Hannah and Papa J

Hannah and Papa J

Wednesday, August 31, 2016

The case for Cat Stevens

Dear Hannah,

My original response to Cat Stevens becoming a Muslim and changing his name to Yusuf Islam was calling him a traitor.  My opinion, as with anyone else who trades England for Islam, is that he's still a traitor; but as there are many different brands of traitors out there, what kind of a traitor is the question we ought to be asking ourselves today.

Monday, August 29, 2016

Goodbye to the 68'ers



Dear Hannah,

Anyone who was a child in America during the 90's will tell you how he was repeatedly molested by stories about the 60's.  It was everywhere, back then; the 68'ers having all grown up and many of them gone into cinema to tell about how things were in the good old days of radicalism and free-spirits and new ideas and easy lays with pretty women.  The recollections were more sad than anything else, and every picture you saw had the miserable tint of nostalgia; not as though you were experiencing the 60's themselves, but as though you had missed it and it had been lost forever, along with somebody's youth.

Saturday, August 20, 2016

Between the World and Me: a review

Dear Hannah,

Fear is the basis of this book.  Fear of the streets, fear of the schools, fear of the police -- fear of losing control of one's body, and one's life, and one's family.  Lots of men have lived it, but few have been able to eloquently explain it.  Ta-Nehisi Coates took the task upon himself and did it admirably here.  Between the World and Me is a painful search through race and history to understand the suffering of the black American.  Like most Americans, Coates quickly finds the reason for the suffering.  Like most of our Democrats, his cure is worse than the cancer.

Wednesday, August 10, 2016

The Fire Next Time: a review

Dear Hannah,

I don't trust either the book-knowledge or the judgment of modern activists, so I'd originally intended to read Frederick Douglass or W.E.B. Dubois as my introduction to black literature.  But skimming through an informal list of the Greatest Essayists of All Time and seeing James Baldwin pretty high on the chart, and also seeing him frequently and reverently quoted by Black Lives Matter activists, I decided to pick up The Fire Next Time and give him a go.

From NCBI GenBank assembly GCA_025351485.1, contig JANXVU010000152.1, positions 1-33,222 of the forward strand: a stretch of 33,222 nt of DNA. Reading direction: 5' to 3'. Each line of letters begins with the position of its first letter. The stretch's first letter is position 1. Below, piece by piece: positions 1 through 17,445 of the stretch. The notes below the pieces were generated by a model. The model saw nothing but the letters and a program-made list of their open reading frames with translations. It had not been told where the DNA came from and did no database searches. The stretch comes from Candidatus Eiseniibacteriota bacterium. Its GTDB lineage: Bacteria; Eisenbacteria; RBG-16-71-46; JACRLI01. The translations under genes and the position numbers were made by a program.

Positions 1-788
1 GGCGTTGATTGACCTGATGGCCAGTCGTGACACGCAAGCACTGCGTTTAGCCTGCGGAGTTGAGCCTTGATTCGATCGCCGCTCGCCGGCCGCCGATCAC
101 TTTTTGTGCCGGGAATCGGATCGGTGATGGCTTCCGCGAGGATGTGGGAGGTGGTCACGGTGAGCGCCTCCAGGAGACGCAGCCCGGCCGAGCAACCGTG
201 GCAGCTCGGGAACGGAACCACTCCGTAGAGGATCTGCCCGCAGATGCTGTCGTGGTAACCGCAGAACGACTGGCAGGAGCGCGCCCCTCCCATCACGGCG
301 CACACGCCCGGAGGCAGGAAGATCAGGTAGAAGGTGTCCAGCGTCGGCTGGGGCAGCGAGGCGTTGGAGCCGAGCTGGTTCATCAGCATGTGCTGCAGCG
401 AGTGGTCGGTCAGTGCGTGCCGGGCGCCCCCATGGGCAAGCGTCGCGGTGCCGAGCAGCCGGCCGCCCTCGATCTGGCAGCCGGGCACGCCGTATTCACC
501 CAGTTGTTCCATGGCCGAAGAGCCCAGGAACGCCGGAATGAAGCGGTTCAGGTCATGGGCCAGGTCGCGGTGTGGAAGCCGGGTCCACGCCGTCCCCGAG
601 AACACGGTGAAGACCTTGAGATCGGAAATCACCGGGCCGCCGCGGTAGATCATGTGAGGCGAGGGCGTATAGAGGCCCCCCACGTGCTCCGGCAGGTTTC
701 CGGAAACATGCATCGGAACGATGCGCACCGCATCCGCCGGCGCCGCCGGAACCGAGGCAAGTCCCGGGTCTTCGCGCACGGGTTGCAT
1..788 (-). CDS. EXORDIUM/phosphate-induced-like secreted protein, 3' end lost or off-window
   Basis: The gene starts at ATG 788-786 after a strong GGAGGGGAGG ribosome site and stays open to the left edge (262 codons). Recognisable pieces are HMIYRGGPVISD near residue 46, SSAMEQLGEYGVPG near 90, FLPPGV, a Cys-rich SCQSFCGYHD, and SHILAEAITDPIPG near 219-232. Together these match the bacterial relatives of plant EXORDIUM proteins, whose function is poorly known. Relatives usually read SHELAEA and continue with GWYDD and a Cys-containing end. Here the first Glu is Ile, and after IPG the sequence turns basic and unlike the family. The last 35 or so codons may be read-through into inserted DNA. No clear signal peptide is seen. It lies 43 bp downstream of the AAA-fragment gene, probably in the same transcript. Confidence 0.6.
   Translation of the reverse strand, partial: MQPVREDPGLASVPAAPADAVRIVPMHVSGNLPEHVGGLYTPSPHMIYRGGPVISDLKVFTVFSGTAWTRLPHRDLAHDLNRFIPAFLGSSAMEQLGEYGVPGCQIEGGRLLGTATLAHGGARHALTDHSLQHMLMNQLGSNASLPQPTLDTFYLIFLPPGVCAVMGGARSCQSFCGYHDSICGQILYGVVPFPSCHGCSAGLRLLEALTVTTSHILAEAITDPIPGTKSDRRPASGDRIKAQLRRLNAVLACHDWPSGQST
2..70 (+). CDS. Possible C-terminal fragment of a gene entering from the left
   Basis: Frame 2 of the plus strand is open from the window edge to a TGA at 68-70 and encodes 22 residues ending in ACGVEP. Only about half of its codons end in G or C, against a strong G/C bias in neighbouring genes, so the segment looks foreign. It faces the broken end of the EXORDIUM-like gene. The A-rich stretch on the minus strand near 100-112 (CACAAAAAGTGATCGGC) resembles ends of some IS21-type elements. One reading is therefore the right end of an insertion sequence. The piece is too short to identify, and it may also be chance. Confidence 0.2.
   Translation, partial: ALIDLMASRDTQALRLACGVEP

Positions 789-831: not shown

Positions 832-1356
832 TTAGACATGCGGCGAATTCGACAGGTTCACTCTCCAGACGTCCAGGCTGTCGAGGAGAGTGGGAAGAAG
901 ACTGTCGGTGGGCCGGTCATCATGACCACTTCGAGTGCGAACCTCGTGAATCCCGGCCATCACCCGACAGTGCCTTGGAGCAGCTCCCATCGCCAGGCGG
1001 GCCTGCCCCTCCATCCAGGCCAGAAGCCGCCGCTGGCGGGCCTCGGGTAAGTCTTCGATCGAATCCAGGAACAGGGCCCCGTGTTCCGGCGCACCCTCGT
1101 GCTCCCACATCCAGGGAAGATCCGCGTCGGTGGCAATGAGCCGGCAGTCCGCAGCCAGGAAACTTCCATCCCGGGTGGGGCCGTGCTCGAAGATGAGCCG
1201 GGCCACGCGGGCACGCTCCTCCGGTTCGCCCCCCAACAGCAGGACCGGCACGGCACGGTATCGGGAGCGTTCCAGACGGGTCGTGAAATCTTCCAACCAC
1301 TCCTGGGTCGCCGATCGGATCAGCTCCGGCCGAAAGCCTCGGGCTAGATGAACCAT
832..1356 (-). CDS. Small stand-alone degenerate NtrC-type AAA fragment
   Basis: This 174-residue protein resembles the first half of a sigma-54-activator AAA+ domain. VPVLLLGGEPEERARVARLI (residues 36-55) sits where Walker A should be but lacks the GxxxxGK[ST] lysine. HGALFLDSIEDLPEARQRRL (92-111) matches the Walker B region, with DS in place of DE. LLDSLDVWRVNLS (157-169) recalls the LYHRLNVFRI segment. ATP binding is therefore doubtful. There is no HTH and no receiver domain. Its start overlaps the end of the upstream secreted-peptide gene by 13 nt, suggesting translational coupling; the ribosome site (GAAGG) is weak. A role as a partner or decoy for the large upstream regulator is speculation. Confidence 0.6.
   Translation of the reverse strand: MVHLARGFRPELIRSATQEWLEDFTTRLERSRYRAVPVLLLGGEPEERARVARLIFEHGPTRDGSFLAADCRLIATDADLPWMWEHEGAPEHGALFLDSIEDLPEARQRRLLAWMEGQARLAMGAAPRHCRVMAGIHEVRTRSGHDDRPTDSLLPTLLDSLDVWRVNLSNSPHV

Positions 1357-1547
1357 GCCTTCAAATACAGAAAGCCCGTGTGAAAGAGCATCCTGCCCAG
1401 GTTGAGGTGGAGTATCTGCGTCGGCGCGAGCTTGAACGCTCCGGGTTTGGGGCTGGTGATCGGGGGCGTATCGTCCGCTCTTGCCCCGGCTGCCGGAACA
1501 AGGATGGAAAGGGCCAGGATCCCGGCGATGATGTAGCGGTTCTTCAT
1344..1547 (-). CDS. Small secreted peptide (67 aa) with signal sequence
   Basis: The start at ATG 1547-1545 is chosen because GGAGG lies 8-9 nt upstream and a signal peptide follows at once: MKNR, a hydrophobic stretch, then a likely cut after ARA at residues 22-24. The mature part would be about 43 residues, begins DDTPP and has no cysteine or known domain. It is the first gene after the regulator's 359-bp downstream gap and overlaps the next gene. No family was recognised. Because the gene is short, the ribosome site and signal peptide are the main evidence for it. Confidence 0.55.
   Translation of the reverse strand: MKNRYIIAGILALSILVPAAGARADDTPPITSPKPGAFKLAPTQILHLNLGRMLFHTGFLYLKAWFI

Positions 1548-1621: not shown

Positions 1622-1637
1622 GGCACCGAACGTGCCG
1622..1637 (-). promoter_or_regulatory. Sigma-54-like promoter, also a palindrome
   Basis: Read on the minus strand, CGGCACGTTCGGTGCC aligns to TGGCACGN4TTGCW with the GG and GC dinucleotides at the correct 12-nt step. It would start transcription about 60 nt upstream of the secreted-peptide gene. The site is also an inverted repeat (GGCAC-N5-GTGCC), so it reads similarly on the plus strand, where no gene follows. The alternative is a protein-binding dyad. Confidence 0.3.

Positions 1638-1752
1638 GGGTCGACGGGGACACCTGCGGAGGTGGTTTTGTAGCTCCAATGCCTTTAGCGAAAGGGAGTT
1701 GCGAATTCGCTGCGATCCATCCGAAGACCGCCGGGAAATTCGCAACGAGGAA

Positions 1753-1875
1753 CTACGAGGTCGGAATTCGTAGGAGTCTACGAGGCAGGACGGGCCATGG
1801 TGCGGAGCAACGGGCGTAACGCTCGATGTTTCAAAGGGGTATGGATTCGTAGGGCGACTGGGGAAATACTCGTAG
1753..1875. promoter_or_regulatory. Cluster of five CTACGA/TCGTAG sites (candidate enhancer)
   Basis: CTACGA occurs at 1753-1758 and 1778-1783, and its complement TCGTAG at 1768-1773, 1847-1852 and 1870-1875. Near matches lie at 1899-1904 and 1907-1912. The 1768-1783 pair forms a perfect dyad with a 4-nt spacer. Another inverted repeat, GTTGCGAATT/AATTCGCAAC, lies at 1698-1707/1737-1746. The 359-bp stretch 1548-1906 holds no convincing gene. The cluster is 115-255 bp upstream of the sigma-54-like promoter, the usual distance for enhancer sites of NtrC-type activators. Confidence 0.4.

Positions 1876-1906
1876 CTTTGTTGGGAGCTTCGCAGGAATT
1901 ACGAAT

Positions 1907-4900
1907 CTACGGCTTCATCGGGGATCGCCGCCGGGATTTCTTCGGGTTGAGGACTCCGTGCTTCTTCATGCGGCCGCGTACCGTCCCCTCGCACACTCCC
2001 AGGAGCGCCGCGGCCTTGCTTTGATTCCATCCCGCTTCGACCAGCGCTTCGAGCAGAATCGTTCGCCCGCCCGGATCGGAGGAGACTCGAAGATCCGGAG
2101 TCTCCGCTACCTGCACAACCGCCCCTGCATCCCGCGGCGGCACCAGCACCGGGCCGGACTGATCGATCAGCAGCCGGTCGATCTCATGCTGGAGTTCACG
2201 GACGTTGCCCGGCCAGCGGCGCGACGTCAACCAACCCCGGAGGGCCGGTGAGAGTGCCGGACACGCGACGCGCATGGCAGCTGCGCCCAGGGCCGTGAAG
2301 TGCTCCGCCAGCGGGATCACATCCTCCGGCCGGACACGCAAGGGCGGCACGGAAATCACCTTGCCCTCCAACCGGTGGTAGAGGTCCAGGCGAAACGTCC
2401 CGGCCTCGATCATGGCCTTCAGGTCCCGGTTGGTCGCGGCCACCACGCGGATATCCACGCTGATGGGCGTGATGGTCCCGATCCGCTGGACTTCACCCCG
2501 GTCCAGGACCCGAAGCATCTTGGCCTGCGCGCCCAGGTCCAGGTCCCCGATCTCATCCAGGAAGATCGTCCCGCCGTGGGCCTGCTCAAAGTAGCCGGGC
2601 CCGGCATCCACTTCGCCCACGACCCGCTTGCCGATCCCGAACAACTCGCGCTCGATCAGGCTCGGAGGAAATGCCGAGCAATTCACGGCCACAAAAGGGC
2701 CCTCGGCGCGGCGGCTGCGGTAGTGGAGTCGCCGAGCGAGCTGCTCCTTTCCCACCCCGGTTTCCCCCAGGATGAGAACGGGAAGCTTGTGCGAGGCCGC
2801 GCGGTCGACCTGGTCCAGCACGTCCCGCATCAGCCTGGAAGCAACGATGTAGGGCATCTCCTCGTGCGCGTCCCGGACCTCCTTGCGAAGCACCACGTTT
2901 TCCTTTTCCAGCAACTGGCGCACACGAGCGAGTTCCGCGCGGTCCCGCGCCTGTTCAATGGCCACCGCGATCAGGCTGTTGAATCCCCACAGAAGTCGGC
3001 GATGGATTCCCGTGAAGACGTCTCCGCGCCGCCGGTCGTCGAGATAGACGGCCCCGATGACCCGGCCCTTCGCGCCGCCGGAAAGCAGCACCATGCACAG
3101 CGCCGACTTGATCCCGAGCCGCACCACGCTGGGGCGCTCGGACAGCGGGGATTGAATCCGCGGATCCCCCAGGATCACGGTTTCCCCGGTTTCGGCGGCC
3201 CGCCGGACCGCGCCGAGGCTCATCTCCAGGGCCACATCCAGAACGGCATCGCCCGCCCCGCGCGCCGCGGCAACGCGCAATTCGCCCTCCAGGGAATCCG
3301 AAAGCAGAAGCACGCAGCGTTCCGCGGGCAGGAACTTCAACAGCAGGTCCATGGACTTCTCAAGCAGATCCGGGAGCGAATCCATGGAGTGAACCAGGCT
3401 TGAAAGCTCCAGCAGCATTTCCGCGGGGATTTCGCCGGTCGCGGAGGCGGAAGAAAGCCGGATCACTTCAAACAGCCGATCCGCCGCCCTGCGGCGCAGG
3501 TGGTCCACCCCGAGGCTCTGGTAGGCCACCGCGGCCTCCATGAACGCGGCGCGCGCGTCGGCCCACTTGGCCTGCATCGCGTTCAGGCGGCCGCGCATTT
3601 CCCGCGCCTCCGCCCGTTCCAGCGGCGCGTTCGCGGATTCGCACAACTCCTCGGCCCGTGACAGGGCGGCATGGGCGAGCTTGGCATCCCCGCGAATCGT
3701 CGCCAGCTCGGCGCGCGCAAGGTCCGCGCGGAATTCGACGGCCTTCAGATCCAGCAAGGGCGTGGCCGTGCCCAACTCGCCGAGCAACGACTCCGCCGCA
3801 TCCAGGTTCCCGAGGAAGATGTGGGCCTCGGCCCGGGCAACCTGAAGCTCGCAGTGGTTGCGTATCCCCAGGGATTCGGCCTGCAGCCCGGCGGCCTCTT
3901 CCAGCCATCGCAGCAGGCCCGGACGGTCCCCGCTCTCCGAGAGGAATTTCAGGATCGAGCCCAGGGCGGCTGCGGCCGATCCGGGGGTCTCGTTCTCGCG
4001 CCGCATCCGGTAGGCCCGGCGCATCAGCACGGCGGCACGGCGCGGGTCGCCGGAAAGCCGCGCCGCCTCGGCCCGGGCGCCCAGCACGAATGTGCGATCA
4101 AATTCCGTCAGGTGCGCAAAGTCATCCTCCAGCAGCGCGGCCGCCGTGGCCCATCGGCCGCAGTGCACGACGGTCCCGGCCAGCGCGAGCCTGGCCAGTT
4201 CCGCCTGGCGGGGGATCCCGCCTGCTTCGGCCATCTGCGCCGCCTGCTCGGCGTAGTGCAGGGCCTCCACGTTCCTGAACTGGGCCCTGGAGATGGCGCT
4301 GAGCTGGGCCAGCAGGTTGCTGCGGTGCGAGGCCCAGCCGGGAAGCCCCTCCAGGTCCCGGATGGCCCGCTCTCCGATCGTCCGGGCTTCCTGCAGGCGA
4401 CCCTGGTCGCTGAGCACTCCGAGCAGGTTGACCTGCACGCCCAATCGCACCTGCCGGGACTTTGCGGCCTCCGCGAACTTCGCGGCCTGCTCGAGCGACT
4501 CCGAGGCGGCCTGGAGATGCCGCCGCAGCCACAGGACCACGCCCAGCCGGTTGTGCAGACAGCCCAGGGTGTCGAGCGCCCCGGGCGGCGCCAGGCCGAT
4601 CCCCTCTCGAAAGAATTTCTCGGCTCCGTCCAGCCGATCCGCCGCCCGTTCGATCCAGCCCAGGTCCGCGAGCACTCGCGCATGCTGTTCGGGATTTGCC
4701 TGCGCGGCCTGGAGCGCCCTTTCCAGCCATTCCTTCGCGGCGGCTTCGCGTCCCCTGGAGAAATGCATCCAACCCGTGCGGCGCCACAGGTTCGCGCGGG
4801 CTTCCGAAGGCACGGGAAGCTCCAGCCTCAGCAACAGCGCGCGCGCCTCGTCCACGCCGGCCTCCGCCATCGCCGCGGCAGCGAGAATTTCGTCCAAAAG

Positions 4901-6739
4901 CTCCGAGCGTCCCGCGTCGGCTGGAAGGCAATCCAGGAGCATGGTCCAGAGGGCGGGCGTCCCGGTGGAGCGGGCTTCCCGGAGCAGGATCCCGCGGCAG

Thursday, August 4, 2016

Some sympathy for the historical American jingo

Dear Hannah,

It's become very fashionable to ask us to walk a mile in a man's moccasins without wondering what it's like to be chased by someone with a tomahawk.  Nearly everyone feels comfortable condemning Andrew Jackson for how he treated the Indians.  What they have not felt comfortable doing is asking themselves how it would feel to be born in a country you didn't found and have a strange-looking group of illiterate, jobless, pagan wild-men show up at your neighbor's house and scalp all your best friends.  Whether or not this is Jackson's experience is irrelevant if this was the experience of many American settlers.  To have a savage at your doorstep, ready to strike at night and oftentimes beyond the reach of the law, would eventually affect your psychology in ways a modern man would consider "unfavorable."  The only good Indian is a dead Indian is a cruel thing to say.  But we wonder how many cruelties a man had to witness or hear about before he was capable of saying it*.